Maybe, just maybe, Chris Christie built his career as a one-trick pony, someone who knew only how to throw a punch, but all the while escaping being challenged on his wits, his brains, or his guts. His career does seem awfully short on instances where Christie has been successful when confronting anyone -- and I emphasize, anyone -- who has had the inclination to stand up, take a shot, and then push back.

When Christie is put to the test, when he has to fight and show what he is made of, how smart he is, how strong his case is, how strong the facts are, whether the law is on his side, we don't know how strong Christie is.

Chris Christie is, for all intents and purposes, largely unproven. He is not battle-tested.

And perhaps Chris Christie is not very strong, not the brightest star, just someone who parlayed fundraising connections (of his brother) into a political career in elective office, with eight years as a federal prosecutor only a mirage to create an image of a reformer.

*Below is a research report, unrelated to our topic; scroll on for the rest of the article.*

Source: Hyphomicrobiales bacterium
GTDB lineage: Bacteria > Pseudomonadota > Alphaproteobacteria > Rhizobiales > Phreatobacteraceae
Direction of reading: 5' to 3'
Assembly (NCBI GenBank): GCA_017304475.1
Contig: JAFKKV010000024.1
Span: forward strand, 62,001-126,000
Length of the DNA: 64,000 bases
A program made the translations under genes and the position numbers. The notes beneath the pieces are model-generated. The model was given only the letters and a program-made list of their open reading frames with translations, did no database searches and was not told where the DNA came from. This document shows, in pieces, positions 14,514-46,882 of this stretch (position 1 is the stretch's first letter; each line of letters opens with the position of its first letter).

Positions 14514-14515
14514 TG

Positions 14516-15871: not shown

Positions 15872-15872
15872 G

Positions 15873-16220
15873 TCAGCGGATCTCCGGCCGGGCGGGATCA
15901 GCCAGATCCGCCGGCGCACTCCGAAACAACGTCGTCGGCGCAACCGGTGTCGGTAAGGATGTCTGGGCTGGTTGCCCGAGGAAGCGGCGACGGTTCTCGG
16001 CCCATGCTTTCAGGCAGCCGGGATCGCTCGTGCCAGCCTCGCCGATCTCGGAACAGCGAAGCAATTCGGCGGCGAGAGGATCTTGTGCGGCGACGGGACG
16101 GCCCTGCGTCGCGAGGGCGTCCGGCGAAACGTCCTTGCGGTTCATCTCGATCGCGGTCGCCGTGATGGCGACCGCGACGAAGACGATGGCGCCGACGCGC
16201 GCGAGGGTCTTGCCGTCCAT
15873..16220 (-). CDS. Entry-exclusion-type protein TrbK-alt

There are plenty of people who get to amazingly high levels in corporate America (and one would assume, also in the public sector) without having their incompetence, neuroses or lack of integrity revealed.

I hate to recycle the common criticism of Christie, but these traits and weaknesses are characteristic of, well, of bullies.

The question we are now seeing is whether Chris Christie can handle even one hard shot in the jaw. Can he even take one punch? The results thus far have not been promising for the formerly presumptive presidential frontrunner.

Perhaps Governor Christie has run into his version of Mike Tyson's Buster Douglas.

His career may not survive if it turns out he is only starting to run a gauntlet of tough punchers.